One of the main goals with desktop virtualization is to reduce the number of required desktop images. The fewer number of images, the easier it is to support and maintain the desktop environment, which makes desktop virtualization so promising when compared to the traditional desktop approach. The goal is a single image, but oftentimes, other factors play a role in slightly increasing that number. Take, for instance, the ABC School District Reference Design.
The design called for 5 different desktop images, as shown in the figure.
If you look at the specifications, many of the configuration details are identical. So why create different images for different user groups? It really came down to future plans. The ABC School District decided that it would be easier to design the environment with unique images for the different areas:
- Middle School
- High School
- High School Blade PCs
- Teachers & School Administrators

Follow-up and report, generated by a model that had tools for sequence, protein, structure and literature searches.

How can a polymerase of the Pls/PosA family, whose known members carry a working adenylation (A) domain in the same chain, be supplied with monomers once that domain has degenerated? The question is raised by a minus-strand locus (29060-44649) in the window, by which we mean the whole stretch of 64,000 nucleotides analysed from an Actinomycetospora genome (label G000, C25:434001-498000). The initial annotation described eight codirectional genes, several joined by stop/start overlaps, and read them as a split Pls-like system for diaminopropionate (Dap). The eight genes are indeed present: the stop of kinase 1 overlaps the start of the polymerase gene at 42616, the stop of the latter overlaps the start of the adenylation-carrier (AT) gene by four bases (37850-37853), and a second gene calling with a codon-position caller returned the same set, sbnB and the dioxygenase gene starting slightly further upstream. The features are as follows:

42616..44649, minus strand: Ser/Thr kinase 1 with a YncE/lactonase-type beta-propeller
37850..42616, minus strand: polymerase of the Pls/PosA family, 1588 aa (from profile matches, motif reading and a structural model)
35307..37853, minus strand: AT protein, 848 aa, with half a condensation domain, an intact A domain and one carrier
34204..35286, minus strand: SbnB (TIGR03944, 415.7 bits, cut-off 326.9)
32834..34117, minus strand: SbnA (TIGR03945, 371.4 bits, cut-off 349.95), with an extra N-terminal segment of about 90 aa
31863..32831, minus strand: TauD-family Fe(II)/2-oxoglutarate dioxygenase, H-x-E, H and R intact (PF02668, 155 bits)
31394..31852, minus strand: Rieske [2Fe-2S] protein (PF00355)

- Support Staff
Ideally, we probably could have reduced the number of images, with the aid of application virtualization. But the school district wanted to make sure unique images were available if certain applications were later identified to be incompatible with the different forms of application virtualization (application streaming and application hosting). Also, it would have been possible to integrate the High School and High School Blade PCs images into a single image, but because the Blade PCs are delivered without a hypervisor, there would be variations in the device drivers (something Provisioning services can easily handle). To make the management of the images easier, it was determined to separate these images as well.
So we are left with 5 images. Not bad for an environment with 20,000 end points.